Low carb beer has been an extremely lucrative product line for mainstream beer over the last few years. Beers such as Hahn Superdry and Pure Blonde have managed to pick up sales in what is a declining market, all based on a marketing concept that low carb beer is a "healthier" option.
But we've got news for you:
Low carb beers are a lie. They are a complete myth. It is all part of marketing spin to sell beer.
Unfortunately there is very little difference between the carbohydrate content in a standard beer and that of a low carbohydrate beer.
The number of carbs in a regular beer is around 9 grams. In a low carb beer it is around 2 grams. In total a low carb beer is around a quarter the carbs of regular beer.
BUT. That 7 gram saving is around the same amount of carbs as half a slice of bread.
HALF A SLICE OF BREAD!
Check out the following chart showing the amount of carbohydrates in different foods. Each is much higher than that of a standard beer. In fact if you had a cup of milk you would actually be consuming more carbs!
So low carb beer doesn't really help us from a carbohydrate perspective, maybe it will help from an alcohol or calorie perspective?
From an alcohol perspective Pure Blonde is 4.2% abv, and Hahn Super Dry is 4.6% abv. While they are slightly lower alcohol levels than most craft beers, the difference isn't huge. As the Australian government taxes beers based on alcohol content, the cynical viewpoint is that the big liquor producers are simply trying to pay less tax, rather than provide a healthier option by a lower alcohol content. We'll let you make your own judgement call on that one.
When it comes to beer, calories and kilojules are the main contributors to the waistline. A kilojoule (or Calorie), is a unit of energy. The kilojoule content of foods depends on the amount of carbohydrates, fats and proteins present in the food.
If we regularly eat more kilojoules than our body needs, the excess is stored as body fat.
The recommended average adult diet is a daily intake of 8,700 kilojoules. The average mainstream beer is around 480 kilojules, while the average low carb beer is about a third less at 350 kilojules. This means the average contribution of one beer to your recommended daily intake is 4%, if is low carb, or 5%, if it is a standard mainstream beer. If you are going to have more than one beer, it really doesn't matter if it is low carb or not, you are going to be contributing to your daily intake.
So there we have it.
Low carb beers:
- They are low carb, but that doesn't really mean anything
- They are roughly the same in alcohol as mainstream beer
- While they are somewhat lower in kilojule contribution, consuming multiple in one sitting will still be detrimental to your waistline
We'll call this myth BUSTED.
If you do want to watch your waistline you have a number of options:
1. Reduce your overall alcohol intake.
The health guidelines suggest you should not drink more than 14 standard drinks a week as part of a healthy diet. Think about how much you drink in an average week, taking into consideration what you have after work and on the weekend, at home and when you're out and about.
We're big advocates of beer quality, over quantity. Drinking large amounts is never going to be highly beneficial to your health. Instead, enjoy what you drink, but only have a few. If you are having a large amount of beers in one go, whether they are low carb or not, the result isn't going to be highly beneficial.
2. Watch what you eat.
Beer is not the absolute killer. Think about what else that you're throwing into your body. If you have a diet that is high in salt, bad fats and sugar you are going to be struggling in turning yourself into a Greek Adonis.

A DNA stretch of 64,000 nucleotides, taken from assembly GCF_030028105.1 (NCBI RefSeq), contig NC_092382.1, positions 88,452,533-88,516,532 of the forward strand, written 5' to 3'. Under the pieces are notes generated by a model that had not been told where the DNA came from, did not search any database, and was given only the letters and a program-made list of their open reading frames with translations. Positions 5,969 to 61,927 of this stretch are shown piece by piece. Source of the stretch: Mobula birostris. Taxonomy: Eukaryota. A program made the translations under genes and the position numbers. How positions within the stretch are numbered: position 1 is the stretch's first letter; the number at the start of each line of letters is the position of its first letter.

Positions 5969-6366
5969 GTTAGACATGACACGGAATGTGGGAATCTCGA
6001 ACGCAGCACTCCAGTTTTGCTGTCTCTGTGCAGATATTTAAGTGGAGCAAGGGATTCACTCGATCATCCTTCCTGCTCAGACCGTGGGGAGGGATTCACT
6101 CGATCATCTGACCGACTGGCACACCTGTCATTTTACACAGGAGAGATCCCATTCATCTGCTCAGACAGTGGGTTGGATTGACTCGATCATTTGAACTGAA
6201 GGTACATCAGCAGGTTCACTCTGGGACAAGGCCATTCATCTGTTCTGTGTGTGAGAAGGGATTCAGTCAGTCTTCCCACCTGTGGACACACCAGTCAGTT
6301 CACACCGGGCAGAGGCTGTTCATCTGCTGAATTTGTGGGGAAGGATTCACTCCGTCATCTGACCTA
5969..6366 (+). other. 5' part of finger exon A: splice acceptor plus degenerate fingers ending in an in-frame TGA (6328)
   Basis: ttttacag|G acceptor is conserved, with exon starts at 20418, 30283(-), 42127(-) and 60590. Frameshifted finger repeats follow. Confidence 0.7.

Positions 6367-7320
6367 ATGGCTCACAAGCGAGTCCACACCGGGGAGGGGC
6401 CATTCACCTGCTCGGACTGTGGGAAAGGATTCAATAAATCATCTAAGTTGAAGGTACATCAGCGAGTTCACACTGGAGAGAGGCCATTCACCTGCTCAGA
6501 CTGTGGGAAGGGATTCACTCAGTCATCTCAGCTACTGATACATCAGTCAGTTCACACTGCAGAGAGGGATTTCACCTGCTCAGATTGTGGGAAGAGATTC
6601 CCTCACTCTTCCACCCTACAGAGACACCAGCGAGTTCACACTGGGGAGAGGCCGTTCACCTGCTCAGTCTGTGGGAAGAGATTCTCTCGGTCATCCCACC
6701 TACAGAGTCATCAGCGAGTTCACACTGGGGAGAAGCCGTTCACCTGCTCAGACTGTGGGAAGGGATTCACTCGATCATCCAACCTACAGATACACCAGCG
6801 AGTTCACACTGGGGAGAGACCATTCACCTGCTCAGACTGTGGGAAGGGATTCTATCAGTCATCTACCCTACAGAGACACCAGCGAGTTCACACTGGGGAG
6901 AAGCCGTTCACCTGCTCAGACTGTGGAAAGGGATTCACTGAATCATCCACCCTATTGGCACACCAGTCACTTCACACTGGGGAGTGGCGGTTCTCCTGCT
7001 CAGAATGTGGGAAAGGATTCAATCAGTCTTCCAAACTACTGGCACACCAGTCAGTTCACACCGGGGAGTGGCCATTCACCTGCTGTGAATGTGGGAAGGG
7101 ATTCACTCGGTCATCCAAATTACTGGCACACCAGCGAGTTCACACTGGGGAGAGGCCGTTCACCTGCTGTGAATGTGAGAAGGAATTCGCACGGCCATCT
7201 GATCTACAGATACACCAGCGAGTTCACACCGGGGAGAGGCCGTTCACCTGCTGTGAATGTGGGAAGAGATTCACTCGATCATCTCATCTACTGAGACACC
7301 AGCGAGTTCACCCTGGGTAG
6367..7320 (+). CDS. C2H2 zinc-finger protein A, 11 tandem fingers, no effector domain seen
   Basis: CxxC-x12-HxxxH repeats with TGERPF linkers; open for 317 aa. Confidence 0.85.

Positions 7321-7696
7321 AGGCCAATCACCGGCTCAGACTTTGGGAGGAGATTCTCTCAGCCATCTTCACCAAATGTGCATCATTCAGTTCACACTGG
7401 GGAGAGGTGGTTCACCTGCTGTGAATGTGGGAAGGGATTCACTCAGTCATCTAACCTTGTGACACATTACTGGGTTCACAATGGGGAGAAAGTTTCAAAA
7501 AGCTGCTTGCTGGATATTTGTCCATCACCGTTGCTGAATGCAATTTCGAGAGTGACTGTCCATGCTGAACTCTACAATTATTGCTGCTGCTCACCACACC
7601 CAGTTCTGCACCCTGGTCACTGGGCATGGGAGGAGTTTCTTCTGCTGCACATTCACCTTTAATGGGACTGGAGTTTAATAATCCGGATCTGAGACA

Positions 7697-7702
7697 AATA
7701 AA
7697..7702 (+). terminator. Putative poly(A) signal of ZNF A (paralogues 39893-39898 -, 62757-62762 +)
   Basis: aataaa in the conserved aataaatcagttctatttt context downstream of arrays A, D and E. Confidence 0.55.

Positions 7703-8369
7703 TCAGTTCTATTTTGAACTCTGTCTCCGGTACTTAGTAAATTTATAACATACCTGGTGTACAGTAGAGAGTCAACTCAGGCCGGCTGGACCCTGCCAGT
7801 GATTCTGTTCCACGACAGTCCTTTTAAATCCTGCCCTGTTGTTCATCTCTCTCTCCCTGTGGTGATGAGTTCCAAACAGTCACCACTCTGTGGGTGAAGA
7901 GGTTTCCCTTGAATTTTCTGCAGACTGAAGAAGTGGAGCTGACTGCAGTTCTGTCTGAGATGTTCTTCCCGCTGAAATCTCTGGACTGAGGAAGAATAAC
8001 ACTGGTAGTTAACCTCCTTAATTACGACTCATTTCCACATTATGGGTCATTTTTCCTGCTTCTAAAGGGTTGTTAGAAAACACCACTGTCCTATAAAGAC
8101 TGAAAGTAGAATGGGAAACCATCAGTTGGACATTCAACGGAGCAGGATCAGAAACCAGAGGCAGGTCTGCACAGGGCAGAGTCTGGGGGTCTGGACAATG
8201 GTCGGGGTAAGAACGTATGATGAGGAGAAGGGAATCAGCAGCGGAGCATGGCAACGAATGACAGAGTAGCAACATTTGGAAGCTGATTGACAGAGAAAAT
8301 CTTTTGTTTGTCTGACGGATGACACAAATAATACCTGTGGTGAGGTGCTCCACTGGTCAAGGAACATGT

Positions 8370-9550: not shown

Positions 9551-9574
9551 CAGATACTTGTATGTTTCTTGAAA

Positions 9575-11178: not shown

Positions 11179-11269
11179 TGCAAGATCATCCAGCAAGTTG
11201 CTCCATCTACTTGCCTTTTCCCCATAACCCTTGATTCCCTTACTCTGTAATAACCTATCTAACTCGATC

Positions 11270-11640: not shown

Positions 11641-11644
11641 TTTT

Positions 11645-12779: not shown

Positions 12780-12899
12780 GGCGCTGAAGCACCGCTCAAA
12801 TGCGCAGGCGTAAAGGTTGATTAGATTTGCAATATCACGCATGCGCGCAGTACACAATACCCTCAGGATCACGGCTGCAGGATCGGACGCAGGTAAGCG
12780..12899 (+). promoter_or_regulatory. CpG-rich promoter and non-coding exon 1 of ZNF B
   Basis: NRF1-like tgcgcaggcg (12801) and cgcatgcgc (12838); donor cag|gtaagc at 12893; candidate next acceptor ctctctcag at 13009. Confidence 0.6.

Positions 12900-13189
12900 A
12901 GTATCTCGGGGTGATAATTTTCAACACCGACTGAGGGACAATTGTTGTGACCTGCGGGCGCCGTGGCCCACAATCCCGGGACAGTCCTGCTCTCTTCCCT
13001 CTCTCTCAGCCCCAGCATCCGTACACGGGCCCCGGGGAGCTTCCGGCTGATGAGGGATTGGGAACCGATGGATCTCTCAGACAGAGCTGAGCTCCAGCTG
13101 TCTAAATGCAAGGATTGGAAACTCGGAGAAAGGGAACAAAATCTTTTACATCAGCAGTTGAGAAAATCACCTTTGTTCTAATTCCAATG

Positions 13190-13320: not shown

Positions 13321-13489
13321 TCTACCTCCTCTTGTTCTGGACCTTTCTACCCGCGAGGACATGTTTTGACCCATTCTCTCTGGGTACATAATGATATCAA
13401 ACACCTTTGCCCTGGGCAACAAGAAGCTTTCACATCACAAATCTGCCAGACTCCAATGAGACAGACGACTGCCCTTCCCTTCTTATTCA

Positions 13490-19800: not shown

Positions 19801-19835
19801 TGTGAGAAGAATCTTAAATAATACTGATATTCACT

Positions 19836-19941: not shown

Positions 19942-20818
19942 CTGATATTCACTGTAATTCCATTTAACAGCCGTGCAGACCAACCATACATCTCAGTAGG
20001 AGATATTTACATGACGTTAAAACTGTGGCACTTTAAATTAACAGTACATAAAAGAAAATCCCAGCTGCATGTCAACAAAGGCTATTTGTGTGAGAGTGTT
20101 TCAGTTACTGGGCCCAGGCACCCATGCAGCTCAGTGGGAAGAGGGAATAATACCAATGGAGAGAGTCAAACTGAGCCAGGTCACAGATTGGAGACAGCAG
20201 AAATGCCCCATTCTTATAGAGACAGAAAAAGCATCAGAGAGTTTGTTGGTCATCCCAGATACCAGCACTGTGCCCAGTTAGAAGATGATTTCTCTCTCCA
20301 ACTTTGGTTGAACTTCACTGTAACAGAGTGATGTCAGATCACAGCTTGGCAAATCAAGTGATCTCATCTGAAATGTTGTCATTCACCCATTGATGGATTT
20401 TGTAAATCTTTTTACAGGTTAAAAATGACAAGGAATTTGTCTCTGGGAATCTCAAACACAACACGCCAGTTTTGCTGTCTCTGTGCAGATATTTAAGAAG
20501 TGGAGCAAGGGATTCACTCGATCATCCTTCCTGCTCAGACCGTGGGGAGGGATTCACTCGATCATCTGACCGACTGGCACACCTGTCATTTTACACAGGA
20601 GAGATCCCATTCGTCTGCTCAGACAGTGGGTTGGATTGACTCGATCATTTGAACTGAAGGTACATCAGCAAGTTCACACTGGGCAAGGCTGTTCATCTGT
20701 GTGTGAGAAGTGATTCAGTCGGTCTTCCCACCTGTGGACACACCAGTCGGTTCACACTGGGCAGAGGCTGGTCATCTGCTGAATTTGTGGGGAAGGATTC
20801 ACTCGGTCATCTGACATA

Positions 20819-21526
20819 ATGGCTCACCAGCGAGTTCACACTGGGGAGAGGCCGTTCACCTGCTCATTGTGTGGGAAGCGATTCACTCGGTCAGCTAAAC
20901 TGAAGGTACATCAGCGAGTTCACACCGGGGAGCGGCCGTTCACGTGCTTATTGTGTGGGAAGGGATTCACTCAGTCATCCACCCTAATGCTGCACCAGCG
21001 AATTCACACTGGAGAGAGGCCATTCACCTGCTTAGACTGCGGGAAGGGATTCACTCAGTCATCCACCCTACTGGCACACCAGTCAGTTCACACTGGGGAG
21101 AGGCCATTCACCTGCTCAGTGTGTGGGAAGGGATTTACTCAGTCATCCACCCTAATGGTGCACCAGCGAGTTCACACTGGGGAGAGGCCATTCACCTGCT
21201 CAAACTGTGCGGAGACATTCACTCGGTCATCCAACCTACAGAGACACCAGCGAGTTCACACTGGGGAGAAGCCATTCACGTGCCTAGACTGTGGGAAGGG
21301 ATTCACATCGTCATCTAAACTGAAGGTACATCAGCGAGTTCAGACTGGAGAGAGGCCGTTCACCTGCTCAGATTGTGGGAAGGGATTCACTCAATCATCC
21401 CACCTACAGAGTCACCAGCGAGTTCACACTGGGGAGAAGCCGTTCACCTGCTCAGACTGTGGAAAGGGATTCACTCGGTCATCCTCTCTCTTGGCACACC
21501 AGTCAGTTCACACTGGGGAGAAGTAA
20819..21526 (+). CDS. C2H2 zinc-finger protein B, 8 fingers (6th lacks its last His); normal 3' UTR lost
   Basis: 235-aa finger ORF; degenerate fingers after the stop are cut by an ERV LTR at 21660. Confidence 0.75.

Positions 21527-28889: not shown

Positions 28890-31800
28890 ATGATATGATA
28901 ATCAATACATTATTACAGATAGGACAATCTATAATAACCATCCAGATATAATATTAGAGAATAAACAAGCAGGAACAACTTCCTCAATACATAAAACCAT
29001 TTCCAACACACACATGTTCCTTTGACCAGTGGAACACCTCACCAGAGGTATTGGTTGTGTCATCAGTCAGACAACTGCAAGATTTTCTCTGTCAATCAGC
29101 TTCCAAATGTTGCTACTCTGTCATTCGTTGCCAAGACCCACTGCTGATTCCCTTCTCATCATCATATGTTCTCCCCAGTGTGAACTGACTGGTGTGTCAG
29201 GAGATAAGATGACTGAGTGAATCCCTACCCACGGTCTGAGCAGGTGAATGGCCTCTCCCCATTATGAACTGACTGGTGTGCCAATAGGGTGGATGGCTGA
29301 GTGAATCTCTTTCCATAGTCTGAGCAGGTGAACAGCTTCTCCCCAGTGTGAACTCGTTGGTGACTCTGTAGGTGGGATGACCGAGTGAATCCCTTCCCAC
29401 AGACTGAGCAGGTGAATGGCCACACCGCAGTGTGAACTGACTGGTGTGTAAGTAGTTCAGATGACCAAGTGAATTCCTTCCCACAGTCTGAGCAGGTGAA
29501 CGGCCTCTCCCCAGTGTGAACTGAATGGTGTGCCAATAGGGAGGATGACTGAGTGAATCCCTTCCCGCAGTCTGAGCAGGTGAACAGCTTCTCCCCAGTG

What other items do you eat when you're having a beer? If you're regularly consuming other items while drinking like burgers & chips then you are creating a challenge for yourself, as this is what the body ends up storing as fat, as it first looks to break down the alcohol in your system.
Consider a shift to healthier eating; there are load of great resources and websites you can check out for advice.
3. Get fit.
A favourite phrase of mine is "Get off couch". If you are sitting around all the time, you're effectively beating yourself up. From here you've got two areas to look at; your incidental exercise, and specific exercise.
Incidental exercise is everything you do going about your day-to-day life. Think about what little changes you could make that are going to help you. As a great start grab a pedometer, Fitbit or other exercise watch and start counting your steps. Try to hit 5,000 steps and go from there.
If you're hitting big numbers great. If it is a challenge think about different 'hacks' that you can do to boost your steps during you day. An extra walk to the toilet or water cooler, getting off the bus one stop earlier, going for a walk in your lunch break. All these events add up quickly.
Once you've started to get the incidental exercise nailed, then it is about building your general fitness. People always find easy excuses to put off exercise. The challenge is finding ways and means of committing yourself to some kind of exercise plan.
For some this may involve getting a personal trainer, starting a gym membership, or joining a bootcamp. If you'd rather do this on your own grab a bicycle and start riding, or throw on a pair of running shoes and try hitting the streets. If you feel that you're better in a group environment check out one of the many local cycling, or running groups throughout Australia.
And if you can't find anything the above that will motivate you then check out some blogs on how to set and accomplish goals and start off by doing general exercises from your own home. There are a wealth of great websites and You Tube videos that can give you some guidance on exercises, whether it be push-ups, yoga or the much loved prancercise - there is something for everyone!